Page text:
Antúnez takes a stand for Cuba

Caridad García Pérez’s home

Jorge Luis García Pérez “Antúnez” is one of the giants of the Cuban opposition.
For more than 17 years, Antúnez was a political prisoner, withstanding the worst the dictatorship could throw at him. His guards tried over and over to break Antúnez, beating him and throwing him in punishment cells. But all they did was strengthen his resolve and his intransigience in the face of tyranny. More than once, he would go on hunger strike to demand that his human rights, and those of other prisoners, be respected.
Since his release last year, Antúnez has continued with the struggle for a free Cuba, despite the toll that prison took on his health. He has participated in numerous protests and other events, and the dictatorship has responded in kind on several occasions by arresting, threatening and then eventually releasing him.
Antúnez also loves his family, which is why on March 11 he started a hunger strike to demand that authorities allow his sister to move from her hovel of a home and into better quarters.
There has been no response from the government, which owns all the housing and controls where people can live, so Antúnez continues with his protest.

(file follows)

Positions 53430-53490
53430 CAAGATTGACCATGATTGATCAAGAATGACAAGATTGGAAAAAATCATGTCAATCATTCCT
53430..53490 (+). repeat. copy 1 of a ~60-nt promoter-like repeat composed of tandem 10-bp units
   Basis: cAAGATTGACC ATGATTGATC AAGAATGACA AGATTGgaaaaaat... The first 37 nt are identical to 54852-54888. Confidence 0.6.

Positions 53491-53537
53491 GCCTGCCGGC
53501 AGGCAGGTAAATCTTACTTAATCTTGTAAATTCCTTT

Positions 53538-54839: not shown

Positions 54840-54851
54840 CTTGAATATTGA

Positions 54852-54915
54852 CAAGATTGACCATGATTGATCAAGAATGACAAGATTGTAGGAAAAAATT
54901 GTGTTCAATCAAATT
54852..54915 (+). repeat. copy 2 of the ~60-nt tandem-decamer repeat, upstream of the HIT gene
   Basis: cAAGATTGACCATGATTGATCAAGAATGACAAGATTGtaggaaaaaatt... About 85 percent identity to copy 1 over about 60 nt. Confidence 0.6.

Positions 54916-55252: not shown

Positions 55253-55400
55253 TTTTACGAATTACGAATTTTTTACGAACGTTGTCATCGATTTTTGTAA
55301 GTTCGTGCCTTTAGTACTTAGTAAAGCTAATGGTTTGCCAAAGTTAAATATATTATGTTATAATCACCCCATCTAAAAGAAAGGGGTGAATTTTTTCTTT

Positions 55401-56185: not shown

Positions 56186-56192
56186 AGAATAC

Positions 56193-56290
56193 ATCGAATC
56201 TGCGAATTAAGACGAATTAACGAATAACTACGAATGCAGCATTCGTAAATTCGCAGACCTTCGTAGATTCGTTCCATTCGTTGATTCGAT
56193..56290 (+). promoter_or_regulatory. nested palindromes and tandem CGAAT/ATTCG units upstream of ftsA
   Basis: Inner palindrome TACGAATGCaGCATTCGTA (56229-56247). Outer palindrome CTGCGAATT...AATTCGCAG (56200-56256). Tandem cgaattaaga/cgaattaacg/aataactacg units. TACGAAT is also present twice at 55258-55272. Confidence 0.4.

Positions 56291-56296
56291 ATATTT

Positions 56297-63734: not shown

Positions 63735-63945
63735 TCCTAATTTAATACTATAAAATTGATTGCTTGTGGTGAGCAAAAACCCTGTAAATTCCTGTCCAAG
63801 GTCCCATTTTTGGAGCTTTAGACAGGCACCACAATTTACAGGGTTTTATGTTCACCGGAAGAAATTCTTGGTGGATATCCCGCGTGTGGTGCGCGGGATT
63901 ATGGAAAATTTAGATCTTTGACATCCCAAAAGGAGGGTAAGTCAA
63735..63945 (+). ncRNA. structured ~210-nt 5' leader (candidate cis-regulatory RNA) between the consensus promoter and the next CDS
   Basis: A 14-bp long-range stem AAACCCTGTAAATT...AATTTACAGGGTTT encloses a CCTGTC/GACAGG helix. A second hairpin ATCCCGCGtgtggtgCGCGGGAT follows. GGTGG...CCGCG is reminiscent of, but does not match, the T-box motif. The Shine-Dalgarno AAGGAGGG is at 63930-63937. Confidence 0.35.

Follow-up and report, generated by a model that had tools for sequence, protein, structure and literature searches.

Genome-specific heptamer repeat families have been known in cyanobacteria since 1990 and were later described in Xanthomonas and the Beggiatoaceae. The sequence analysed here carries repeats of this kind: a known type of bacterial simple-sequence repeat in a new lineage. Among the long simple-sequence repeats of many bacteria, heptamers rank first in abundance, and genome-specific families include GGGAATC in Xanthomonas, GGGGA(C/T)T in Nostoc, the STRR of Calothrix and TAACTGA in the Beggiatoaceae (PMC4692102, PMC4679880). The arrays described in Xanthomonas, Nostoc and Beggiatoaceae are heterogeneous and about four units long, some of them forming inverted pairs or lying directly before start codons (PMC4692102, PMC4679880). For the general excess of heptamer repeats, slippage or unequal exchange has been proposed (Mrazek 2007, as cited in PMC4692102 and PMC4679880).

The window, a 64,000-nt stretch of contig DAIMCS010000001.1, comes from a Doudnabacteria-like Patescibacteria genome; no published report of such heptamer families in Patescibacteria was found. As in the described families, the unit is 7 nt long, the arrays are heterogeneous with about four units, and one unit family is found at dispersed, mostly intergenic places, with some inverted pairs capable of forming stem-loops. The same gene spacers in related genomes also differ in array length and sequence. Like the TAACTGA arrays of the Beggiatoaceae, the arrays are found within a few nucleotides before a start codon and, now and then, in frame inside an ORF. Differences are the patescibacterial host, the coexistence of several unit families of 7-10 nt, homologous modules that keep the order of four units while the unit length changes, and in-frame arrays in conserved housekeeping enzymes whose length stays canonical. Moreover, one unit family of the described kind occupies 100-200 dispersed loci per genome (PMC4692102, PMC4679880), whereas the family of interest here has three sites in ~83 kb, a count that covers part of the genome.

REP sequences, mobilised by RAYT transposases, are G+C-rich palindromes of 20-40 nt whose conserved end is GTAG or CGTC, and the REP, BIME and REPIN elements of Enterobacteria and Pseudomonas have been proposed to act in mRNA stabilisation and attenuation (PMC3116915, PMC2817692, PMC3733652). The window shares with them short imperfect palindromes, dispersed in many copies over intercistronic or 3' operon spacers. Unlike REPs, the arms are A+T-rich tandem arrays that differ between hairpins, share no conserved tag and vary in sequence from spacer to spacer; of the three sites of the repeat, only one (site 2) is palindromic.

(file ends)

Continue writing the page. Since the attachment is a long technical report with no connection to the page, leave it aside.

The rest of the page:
Antúnez told Encuentro En la Red that he started the hunger strike after he and his sister, Caridad García Pérez, exhausted all bureaucratic options to find better housing for her and her 11-year-old daughter. The protest also is on behalf of “the thousands and thousands of Cuban families living in difficult conditions for several generations.”
Antúnez said his sister’s house has tilted walls and dirty floors, and a roof that leaks.
“The key feature of the house is that it may collapse at any time and kill my sister and her young daughter, age 11. Both are sick, my sister has heart ailments, the girl is asthmatic. My sister does not sleep, afraid that the house will fall over.
“The case of my sister is representative of thousands and thousands of Cubans facing a situation similar or worse,” Antúnez said.
Antúnez, who is taking in liquids during his protest, said he is not “an addict to hunger strikes. But when the formal channels are exhausted, when you see that there is not an understanding, you have to take a radical position.”
To resolve the situation, a group of prominent Cuban dissidents has signed a letter promising to raise from overseas the money needed to repair Caridad García Pérez’s home.
(Cross-posted at Uncommon Sense.)

2 thoughts on “Antúnez takes a stand for Cuba”

  1. Too bad Antunez and Biscet are not black enough for prominent black Americans. Funny thing is, he looks just as black as Mandela to me. Gee, could it be HYPOCRISY?

  2. Further indication of the Socialist Paradise, a Socialist Paradise that eschews the consumer society. If Dialectical Materialism is not about goods for the masses, then what is it about?

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